As the clock ticks toward noon on the fourth floor of The Square in Lexington, a familiar question is asked: “Lunch?” Within minutes, lunch bags and airtight containers are opened as folks put down their paints and gather around tables to commune.
It’s a fairly typical afternoon at Artists’ Attic, the downtown institution that has turned the idea of the solitary artist on its head for 30 years, with more than 20 working artist studios open to the public and each other.
At Friday night’s Gallery Hop, the Attic’s artists, associate artists and friends will celebrate the 30th anniversary. It all started when developer Donald Webb wanted to create a space similar to The Torpedo Factory, an open studio and exhibit space in an old munitions plant in Arlington, Va.
It opened Dec. 10, 1988, with eight artists. Now, according to president Sharon Ross, Artists’ Attic boasts 41 members, including artists who maintain studios on the fourth floor of The Square, and associate artists who work and exhibit at the Attic but don’t have on-site studios.
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Part of Friday’s celebration will be the opening of the Associates Gallery, featuring art by the associate members. The main exhibit will be “In and Around the Bluegrass,” featuring images of the Lexington area by member artists.
According to members who sat down to chat on a recent snowy Tuesday morning, on average two or three studios a year open, and artists pay between $160 to $500 a month to rent them, depending on size and location.
“I’ve been here a year and a half, but have been waiting 30 — OK, 29,” said Glenda Earnest, whose studio to the right of the Artists’ Attic elevator entrance boasts her own brand of fun and patriotic art. “When I first moved here, this was my first stop, and this was my dream to get a place here. So after I was done raising a family, and they’re gone, it’s my turn now, so here I am.”
Ross, the group’s president, says, “Practically every working artist in Lexington has moved through here at some point in their career.
“For us, it offers community. Some of us ask for critiques. Sometimes we get them whether we want them or not. But for the community, it’s the largest concentration of local artists.”
“Painting can be an incredibly introverted process, which is not all bad,” says Bill Fletcher, who has had a studio at the Attic for 20 years. “It’s nice to have the company of other people that are passionate about art, and not only is it nice because it balances the introvertedness of it, a bit, but we’re also stronger together because we can give each other help.”
Members frequently duck into one another’s studios to see what the others are up to.
“Have you seen what Sharon’s working on?!” Kathleen Hudson says, pointing to Ross’s studio, where a large vertical abstract is taking form. Then Ross notes the beach scene on Hudson’s easel — her first portrait of her son.
Part of the intent of the Artists’ Attic format is that the public not only can buy art but can see it taking form. Most of the studios are working studios, where the artists create daily.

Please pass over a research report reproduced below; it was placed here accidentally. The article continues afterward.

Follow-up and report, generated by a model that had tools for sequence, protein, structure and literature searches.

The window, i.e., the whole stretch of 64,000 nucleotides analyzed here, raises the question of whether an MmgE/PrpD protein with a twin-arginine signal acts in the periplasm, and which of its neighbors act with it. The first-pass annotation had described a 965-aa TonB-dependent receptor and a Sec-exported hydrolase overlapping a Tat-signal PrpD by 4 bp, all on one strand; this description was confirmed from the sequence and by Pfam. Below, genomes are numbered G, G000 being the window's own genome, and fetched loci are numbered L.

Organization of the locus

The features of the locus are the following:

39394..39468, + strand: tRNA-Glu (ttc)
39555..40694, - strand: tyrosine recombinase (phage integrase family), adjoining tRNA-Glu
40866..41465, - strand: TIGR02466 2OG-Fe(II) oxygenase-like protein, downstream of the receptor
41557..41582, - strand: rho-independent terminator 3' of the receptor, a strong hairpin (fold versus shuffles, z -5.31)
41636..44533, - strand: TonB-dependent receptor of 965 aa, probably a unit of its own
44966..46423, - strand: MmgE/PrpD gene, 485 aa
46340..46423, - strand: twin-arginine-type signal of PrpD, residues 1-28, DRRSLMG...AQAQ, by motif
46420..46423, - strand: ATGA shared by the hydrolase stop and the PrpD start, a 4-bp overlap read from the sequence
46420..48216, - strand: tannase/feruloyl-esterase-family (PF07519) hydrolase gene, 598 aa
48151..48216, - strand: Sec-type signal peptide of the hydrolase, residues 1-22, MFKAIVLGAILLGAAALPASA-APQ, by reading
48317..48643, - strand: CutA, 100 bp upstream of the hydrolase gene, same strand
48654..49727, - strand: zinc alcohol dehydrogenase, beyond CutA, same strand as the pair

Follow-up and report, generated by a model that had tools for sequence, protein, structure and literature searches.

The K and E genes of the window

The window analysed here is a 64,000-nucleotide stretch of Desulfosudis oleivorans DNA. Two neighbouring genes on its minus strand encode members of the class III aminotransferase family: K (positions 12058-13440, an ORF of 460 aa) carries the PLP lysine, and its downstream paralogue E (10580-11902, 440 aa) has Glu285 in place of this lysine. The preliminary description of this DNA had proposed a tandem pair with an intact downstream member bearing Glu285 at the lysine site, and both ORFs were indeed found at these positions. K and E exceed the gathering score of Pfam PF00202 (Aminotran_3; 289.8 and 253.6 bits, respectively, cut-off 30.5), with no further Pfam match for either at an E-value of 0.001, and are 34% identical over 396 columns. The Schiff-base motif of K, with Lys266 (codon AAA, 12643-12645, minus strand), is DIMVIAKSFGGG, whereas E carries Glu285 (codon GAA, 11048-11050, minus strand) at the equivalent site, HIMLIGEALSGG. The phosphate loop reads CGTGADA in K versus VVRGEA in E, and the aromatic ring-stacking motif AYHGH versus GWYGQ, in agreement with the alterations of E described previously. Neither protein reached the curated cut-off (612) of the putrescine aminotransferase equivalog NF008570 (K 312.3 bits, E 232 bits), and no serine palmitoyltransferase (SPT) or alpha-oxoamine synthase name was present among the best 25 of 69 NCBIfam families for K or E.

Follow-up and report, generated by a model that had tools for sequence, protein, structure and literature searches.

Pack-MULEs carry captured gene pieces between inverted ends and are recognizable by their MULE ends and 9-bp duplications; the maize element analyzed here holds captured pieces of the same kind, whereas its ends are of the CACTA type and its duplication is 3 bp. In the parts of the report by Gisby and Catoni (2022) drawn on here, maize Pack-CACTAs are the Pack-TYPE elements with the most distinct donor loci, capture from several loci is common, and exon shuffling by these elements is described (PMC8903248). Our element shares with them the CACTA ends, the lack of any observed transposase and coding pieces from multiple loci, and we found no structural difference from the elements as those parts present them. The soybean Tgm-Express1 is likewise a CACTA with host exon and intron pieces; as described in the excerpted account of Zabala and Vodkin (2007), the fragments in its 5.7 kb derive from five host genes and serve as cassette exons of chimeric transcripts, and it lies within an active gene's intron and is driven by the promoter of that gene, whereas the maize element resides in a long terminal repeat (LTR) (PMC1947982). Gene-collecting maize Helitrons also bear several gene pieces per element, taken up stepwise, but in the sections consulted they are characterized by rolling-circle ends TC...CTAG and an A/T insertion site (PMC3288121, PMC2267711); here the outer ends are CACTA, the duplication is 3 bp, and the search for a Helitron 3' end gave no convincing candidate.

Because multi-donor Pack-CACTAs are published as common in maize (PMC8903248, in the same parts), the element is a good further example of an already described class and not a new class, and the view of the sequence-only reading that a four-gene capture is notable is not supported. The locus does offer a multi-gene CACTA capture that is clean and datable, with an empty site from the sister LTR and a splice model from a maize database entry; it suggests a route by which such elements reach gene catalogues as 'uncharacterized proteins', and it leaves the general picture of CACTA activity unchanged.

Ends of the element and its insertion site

Getting a studio isn’t just a matter of paying rent. Artists are juried in by a members committee.
“There are some fine studios in town with exceptional artists, but there’s nowhere else you can go to see up to 40 really, really, really fine artists in one spot,” longtime member Darrell Ishmael says. “Some of the top artists in the state have studios here, ... and there’s all varieties.”
Members include Hudson, who won the top prize in PleinAir magazine’s annual salon and has been identified as an “artist to watch” by Southwest Art magazine, and Eric Johnson, who has created art for the United States Golf Association and other national organizations. Many of the artists enjoy local and national commissions and enthusiastic collectors.
The artists say one of their top referrers is the Lexington Visitors Center, on the first floor of The Square. A short walk from two of the city’s largest hotels, the Attic sees visitors from around the world, many of whom want to buy original art to take home.
Ishmael says he recently shipped work to visitors from Australia and England who had stopped by the Attic.
The building where the artists work has almost completely changed. Gone are DeSha’s restaurant and Howard & Miller Men’s Clothing. The last few years have seen the addition of new attractions including Urban Outfitters and Tony’s steakhouse. Construction for the changes has presented challenges, and reconfiguring the space has made the Attic a bit harder to find. But a prominent street sign directing visitors to the elevator entrance off Main Street has helped, the artists say, and they enjoy the new variety of eateries below them when they aren’t gathering around the Attic’s patio tables for communal lunch.
“We hope to be here another 30 years,” Ross says.
Rich Copley: @copiousnotes
If you go
‘In and Around the Bluegrass’
What: 30th anniversary show by members and associate members of Artists’ Attic
Where: Fourth floor of The Square, Main Street at Broadway. Enter by taking elevator on the Main Street side.
When: Through Feb. 28. Gallery Hop reception 5-8 p.m. Jan. 19.
Hours: 10 a.m.-5 p.m. Mon.-Thurs., noon-5 p.m. Fri., Sat.
What: More than 50 downtown Lexington galleries and art venues open to the public
When: 5-8 p.m. Jan. 19